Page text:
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July 31, 2014

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Goodman backs off proposal to fire, rehire city employees

After getting legal advice, mayor says mass layoffs could create problems

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Steve Marcus

Las Vegas Mayor Oscar Goodman speaks during a news conference in his office at City Hall Monday, March 15, 2010. Goodman backed away from his proposal to fire all Las Vegas city employees, then rehire those who agree to work a shorter work week.

Updated Monday, March 15, 2010 | 5:09 p.m.

Goodman Ends Firing Plan

Las Vegas Mayor Oscar Goodman speaks during a news conference in his office at City Hall Monday, March 15, 2010. Goodman backed away from his proposal to fire all Las Vegas city employees, then rehire those who agree to work a shorter work week. Launch slideshow »

Mayor Oscar Goodman today backed away from his proposal for the city of Las Vegas to fire and then rehire city employees as a way to cut their pay by 8 percent a year over the next two years.

Instead, notices went out today to 146 city employees notifying them that they will be laid off at the end of the fiscal year, on June 30.

Goodman said he was advised by City Attorney Brad Jerbic that the city could indeed lay off the employees, but it wasn't clear that it had legal authority to fire all employees under a pre-conceived plan to rehire them.

The mayor said he also spoke with private attorneys who said if the city went ahead with his plan to fire so many employees it would be "death by a thousand cuts." Each fired employee could conceivably file suit against the city, forcing the government to spend untold thousands of dollars to defend the suits, the attorneys told him.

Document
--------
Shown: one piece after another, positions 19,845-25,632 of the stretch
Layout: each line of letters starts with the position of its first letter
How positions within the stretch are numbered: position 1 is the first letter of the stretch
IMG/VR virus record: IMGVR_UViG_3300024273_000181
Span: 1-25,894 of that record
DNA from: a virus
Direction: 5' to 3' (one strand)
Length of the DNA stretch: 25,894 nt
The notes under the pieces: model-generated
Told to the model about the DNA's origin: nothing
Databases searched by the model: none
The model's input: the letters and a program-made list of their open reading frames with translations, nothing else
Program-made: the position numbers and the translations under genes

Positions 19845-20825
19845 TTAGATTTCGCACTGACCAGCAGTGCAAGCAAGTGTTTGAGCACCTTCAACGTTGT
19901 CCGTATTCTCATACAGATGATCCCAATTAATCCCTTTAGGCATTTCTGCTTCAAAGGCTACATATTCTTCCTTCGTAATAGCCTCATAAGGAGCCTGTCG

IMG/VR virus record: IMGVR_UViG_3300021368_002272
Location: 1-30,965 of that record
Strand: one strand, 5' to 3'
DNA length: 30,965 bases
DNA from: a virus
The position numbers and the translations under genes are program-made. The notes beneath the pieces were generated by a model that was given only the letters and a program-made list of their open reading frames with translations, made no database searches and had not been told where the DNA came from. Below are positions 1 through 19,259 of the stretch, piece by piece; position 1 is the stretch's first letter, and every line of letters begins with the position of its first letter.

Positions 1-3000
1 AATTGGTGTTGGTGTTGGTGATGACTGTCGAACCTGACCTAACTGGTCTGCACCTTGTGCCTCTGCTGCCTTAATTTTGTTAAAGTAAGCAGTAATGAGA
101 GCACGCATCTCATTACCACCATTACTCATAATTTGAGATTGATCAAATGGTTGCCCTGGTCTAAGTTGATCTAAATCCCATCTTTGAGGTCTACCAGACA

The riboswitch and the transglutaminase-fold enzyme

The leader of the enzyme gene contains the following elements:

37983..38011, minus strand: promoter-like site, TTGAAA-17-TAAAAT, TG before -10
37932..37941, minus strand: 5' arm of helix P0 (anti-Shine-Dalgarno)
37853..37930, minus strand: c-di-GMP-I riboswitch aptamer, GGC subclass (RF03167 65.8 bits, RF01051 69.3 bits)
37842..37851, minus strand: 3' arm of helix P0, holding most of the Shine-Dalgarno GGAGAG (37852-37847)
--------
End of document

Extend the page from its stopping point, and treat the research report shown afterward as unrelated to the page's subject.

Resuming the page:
Goodman expressed disgust that the various employees unions representing city workers haven't accepted across-the-board 8 percent annual cuts to save the jobs of fellow employees.

"It makes me sick," the mayor said.

Las Vegas officials expect a budget shortfall of $70 million, followed by a deficit of $40 million in the next fiscal year.

Reducing a 40-hour week to 37.5 hours would save 6.25 percent and reducing it to 36 hours would create a savings of 10 percent, Goodman said last week.

The mayor said he has also asked City Manager Betsy Fretwell to look at city firefighters' use of sick leave. On Sunday the Sun reported Las Vegas firefighters use 60 percent more sick leave than rank-and-file employees.

Those numbers parallel a recent Clark County compensation study showing county firefighters call in sick almost twice as often as rank-and-file employees and about four times the rate of management.

Clark County Commissioner Steve Sisolak has claimed the figures show county firefighters are gaming the payroll system because those calling in sick are replaced by colleagues who are paid overtime.

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